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A Simple Habana Melody: From When the World Was Goodby Oscar Hijuelos
Synopses & Reviews
Oscar Hijuelos skillfully evoked the excitement and passion of Cuban music in The Mambo Kings Play Songs of Love. So skillfully, in fact, that the novel went on to win a Pulitzer Prize. In Hijuelos's most recent novel, A Simple Habana Melody, music's ability to convey passion and summon old memories is once again a recurrent theme. However, unlike his five previous novels which predominantly explored the Cuban immigrant experience in America, A Simple Habana Melody tells the story of Israel Levis, whose extraordinary life begins and ends in Habana.
Levis is a composer and in 1928 writes a song, "Rosas Puras," or "Pretty Roses," for his unrequited love Rita Valladares. The song becomes the most popular rumba in the world. His fame catapults him to Europe, where his hedonistic lifestyle in Paris is cut short by the war as he becomes witness to one of humankind's darkest hours. Hijuelos, having recently turned fifty, says he wrote A Simple Habana Melody as a celebration of the music of his native country and the people who inspire it. This vivid and lyrical portrait of Cuba's past is tribute indeed — a glorious, sensual and moving novel. Georgie, Powells.com
It is 1947 and Israel Levis, a Cuban composer whose life had once been a dream of music, love and sadness, is returning to Habana, Cuba from Spain where he has just recovered from the physical and spiritual malaises resulting from his experiences in Paris — then Buchenwald — during the Nazi occupation of France. (A devout Catholic, Levis had been mistakenly identified as a Jew because of his name.)
Arriving back in Habana, Levis's mind is reeling with beautiful memories of his life before the war, a life of pleasure and excitement that he owes, in part, to an unrequited, nearly "chivalrous" romance with a certain Rita Valladares, a singer for whom Levis had written his most famous song, "Rosas Puras" or "Pretty Roses." This 1928 composition becomes the most famous rumba in the world; and it is the song, symbolic of the composer's love for Rita Valladares, that sets Levis' life in Europe in motion.
This is a love story — for art, family and country — as well as a portrait of Habana at the turn of the last century, when "the world was good." A Simple Habana Melody is a virtuoso performance from one of our most important writers.Performed by Jimmy Smits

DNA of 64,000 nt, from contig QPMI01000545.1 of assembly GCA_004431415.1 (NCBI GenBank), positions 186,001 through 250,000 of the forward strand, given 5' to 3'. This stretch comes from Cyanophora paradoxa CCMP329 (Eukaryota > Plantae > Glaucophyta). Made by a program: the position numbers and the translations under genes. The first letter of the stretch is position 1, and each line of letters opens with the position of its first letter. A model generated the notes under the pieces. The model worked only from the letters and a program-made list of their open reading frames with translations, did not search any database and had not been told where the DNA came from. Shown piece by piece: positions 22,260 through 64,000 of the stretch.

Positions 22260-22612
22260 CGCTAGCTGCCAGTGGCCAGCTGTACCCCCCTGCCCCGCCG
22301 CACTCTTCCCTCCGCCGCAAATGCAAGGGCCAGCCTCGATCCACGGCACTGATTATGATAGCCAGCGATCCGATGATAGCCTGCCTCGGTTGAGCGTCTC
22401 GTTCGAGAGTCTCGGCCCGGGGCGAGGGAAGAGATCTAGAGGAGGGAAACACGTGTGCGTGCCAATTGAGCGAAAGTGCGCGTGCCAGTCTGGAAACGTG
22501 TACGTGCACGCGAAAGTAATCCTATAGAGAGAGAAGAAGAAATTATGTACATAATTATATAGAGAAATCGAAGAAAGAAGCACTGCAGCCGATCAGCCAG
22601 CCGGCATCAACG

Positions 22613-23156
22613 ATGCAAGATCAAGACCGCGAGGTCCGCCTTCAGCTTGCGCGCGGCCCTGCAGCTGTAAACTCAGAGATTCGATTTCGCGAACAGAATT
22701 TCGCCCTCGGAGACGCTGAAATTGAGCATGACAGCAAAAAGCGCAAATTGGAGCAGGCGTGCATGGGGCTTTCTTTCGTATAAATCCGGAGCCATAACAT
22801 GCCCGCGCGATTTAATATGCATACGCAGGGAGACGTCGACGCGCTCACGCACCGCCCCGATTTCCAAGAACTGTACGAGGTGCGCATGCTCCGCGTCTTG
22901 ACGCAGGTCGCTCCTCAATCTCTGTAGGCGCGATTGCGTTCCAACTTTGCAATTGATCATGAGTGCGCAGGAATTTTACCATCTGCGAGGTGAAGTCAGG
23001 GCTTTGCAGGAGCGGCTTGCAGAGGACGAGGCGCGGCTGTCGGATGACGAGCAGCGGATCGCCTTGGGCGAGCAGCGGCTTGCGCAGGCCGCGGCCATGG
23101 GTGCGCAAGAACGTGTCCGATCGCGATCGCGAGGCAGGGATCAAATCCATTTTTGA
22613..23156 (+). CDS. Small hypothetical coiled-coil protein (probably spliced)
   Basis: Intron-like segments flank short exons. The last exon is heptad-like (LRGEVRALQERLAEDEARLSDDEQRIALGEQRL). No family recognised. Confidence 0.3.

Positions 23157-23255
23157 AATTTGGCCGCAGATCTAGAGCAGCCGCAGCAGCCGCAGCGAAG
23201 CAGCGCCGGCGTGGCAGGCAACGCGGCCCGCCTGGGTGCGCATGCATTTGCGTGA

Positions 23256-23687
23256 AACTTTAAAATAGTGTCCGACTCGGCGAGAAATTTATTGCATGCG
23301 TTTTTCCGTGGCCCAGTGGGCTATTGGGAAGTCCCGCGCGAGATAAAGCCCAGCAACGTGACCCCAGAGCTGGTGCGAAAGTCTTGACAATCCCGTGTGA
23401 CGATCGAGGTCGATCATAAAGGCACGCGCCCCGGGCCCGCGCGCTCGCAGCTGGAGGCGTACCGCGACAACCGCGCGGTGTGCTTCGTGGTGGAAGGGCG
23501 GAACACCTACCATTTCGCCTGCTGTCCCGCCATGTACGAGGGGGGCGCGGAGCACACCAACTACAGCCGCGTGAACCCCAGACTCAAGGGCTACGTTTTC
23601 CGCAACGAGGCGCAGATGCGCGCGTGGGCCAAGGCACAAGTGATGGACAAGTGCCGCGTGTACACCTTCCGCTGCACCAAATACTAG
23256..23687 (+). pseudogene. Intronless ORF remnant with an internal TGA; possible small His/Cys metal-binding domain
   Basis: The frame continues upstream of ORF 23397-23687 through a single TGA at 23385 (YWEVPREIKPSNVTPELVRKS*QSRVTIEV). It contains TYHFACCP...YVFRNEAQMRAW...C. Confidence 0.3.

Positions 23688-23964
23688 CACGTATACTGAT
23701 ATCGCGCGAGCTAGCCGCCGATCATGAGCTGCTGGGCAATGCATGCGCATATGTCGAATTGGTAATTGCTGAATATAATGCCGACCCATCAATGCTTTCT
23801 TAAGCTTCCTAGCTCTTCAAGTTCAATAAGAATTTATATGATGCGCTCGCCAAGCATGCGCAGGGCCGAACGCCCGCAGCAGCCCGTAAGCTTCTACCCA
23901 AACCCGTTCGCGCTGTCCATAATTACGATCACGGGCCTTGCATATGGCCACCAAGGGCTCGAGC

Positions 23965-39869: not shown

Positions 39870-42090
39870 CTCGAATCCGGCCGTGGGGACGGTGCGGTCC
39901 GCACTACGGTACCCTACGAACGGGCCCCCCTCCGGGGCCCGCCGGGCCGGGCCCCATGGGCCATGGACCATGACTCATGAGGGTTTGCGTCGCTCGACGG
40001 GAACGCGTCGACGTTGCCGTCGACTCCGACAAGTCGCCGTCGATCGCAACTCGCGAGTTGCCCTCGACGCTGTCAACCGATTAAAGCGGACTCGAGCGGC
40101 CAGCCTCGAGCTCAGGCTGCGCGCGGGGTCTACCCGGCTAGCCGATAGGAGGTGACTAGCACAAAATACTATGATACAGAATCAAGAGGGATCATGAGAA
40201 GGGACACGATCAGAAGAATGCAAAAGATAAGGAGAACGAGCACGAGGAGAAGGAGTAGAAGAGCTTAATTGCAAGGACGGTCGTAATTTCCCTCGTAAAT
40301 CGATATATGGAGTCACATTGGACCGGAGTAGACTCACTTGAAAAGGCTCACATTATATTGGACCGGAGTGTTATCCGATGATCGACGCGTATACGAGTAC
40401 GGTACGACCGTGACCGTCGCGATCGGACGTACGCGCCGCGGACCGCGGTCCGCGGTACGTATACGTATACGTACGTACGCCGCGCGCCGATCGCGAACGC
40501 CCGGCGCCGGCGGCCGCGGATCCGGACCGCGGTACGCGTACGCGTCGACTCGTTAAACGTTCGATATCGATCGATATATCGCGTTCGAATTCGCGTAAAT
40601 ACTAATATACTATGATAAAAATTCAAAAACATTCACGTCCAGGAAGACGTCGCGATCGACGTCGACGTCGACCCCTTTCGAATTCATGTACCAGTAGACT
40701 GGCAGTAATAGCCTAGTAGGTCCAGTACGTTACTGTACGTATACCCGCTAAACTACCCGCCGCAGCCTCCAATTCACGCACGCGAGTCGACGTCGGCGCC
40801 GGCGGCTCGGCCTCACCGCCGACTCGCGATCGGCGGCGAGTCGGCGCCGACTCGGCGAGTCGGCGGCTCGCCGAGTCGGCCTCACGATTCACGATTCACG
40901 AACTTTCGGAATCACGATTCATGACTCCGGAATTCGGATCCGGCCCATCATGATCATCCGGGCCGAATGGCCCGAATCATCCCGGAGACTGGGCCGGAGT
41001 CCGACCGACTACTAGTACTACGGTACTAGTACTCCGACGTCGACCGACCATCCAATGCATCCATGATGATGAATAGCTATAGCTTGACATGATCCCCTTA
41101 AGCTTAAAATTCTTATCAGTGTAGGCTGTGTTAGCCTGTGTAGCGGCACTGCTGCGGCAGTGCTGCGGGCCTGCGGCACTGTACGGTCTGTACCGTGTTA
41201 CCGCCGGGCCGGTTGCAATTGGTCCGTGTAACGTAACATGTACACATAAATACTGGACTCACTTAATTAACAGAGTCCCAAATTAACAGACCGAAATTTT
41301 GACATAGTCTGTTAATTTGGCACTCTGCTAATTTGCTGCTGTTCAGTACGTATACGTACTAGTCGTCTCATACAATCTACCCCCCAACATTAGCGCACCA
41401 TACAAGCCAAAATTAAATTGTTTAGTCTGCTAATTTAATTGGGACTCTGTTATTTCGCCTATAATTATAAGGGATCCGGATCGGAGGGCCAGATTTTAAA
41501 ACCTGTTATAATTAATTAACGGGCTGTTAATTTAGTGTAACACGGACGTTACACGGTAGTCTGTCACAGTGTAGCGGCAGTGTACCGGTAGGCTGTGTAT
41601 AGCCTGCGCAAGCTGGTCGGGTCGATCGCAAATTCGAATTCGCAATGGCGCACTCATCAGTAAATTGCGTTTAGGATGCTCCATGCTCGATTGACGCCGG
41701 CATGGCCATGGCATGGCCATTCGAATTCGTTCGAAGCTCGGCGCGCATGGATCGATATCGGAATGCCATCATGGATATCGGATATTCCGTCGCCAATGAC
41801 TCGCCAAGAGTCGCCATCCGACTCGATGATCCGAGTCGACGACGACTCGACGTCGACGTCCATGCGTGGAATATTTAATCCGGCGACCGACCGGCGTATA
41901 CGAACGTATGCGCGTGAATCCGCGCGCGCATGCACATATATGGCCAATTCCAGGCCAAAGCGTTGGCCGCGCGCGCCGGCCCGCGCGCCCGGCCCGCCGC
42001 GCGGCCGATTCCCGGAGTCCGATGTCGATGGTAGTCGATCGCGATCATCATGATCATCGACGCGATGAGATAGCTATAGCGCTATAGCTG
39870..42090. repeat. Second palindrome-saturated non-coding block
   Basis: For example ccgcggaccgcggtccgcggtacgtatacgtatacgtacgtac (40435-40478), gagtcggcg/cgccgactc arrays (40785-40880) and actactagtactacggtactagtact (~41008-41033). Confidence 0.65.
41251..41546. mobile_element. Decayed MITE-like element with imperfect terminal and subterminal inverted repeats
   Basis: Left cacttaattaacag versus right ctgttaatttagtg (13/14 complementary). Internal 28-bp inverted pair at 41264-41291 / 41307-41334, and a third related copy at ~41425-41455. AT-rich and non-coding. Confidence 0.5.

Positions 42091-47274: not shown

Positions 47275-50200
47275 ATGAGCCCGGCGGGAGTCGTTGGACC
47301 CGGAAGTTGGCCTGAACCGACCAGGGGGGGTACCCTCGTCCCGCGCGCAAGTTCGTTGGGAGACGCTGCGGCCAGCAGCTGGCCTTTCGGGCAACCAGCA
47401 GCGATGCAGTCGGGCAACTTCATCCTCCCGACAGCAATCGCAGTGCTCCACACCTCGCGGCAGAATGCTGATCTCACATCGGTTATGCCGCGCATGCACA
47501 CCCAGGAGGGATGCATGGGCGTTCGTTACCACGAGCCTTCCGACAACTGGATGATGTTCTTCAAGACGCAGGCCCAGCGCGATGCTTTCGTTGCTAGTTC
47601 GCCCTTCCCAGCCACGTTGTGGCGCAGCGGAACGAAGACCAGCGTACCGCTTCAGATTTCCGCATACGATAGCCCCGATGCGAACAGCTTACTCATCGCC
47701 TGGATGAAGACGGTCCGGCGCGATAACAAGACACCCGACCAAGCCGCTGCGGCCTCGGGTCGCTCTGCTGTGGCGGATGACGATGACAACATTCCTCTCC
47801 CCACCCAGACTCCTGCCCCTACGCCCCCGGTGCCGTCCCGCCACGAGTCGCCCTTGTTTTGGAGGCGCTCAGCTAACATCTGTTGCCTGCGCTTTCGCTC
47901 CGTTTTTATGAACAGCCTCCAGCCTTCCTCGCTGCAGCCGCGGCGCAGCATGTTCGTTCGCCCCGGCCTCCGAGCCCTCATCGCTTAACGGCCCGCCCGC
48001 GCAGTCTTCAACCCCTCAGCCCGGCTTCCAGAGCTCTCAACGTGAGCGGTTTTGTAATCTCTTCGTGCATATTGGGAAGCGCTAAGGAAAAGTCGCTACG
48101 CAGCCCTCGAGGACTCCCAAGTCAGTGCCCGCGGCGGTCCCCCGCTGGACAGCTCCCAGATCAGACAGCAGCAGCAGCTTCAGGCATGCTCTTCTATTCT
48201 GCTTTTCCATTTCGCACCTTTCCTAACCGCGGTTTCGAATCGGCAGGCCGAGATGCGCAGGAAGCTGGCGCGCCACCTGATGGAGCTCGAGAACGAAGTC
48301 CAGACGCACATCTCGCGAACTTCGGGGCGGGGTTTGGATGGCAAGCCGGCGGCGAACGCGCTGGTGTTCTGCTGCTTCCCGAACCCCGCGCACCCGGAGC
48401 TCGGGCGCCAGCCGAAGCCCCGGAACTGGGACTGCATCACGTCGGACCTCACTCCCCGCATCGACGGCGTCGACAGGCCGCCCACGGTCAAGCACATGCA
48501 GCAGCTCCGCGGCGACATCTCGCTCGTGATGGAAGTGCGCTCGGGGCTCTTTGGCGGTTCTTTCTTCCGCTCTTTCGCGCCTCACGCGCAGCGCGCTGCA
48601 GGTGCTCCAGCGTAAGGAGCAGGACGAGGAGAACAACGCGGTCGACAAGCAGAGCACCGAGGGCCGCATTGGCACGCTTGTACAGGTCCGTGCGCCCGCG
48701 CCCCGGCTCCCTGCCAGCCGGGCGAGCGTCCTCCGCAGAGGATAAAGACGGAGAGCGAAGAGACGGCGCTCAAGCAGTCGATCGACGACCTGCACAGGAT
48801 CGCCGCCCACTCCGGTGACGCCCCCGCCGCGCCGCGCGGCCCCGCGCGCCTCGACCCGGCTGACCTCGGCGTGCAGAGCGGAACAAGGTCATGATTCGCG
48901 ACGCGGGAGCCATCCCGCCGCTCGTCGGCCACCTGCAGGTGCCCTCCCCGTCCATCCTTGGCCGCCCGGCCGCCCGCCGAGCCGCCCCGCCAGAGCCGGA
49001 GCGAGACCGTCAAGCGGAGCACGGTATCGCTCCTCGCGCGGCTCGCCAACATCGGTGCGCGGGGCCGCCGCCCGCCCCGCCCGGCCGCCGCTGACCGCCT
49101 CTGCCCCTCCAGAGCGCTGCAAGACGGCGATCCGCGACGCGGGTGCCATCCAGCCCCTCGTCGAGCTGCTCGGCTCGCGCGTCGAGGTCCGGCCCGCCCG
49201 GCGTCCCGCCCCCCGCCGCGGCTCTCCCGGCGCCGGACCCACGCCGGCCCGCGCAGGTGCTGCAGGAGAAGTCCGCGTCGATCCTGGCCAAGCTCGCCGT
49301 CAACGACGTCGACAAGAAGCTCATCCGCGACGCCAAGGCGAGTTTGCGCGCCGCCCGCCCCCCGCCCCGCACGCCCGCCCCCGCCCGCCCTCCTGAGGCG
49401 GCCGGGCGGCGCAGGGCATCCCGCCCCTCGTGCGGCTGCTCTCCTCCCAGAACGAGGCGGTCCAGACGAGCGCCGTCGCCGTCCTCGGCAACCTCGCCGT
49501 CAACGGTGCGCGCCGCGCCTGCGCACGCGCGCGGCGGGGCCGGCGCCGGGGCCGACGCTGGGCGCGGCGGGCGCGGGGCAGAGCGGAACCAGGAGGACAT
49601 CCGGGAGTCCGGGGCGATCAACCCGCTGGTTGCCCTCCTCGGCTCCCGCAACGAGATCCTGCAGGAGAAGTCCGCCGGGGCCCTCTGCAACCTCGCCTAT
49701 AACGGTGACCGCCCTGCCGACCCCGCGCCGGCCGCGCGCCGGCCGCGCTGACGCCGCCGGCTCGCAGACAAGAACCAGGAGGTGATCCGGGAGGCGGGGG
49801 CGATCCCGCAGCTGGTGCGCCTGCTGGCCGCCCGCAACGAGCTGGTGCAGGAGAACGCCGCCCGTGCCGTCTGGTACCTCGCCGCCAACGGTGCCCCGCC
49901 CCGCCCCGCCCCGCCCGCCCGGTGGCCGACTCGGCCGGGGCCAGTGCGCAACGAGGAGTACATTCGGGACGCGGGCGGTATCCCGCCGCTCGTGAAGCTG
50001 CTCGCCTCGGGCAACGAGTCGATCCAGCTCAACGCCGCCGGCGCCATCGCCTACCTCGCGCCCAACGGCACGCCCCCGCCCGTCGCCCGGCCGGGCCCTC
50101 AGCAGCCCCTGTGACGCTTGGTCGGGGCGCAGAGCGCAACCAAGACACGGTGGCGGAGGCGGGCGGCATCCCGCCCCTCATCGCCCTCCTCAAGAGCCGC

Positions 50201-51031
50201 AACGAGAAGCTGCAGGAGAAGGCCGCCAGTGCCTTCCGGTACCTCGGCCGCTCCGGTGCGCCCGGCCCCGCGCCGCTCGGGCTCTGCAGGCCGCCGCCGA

"Hijuelos triumphs in capturing the sights and sounds of Habana at the edge of modernity." Publishers Weekly
"Hijuelos magically conveys the teeming excitement of musical Cuba, incorporates real characters such as Buster Keaton, George Gershwin, and Al Jolson, and deftly portrays Levis's sexual ambiguities...Powerfully evocative of the music and moods of the period, this novel is highly recommended as both psychological and "show biz" fiction." Library Journal
"Perhaps no other contemporary novelist has managed to sustain a melancholy mood more convincingly than Hijuelos does in this haunting story of a Cuban composer whose life is an agonizing mix of joy and sadness, creativity and repression....Like the most tender of ballads, this heartbreaking novel laments lost love while it helps us remember how love felt when we were young." Bill Ott, Booklist
The Pulitzer Prize-winning author of "The Mambo Kings Play Songs of Love" returns to the world of music with this novel about one man's passion for his art, his family, and his country. Unabridged.
About the Author
Oscar Hijuelos was born of Cuban parentage in New York City in 1951. He is a recipient of the Rome Prize, the Pulitzer Prize, and grants from the National Endowment for the Arts and the Guggenheim Foundation, among others. His five previous novels have been translated into twenty-five languages.
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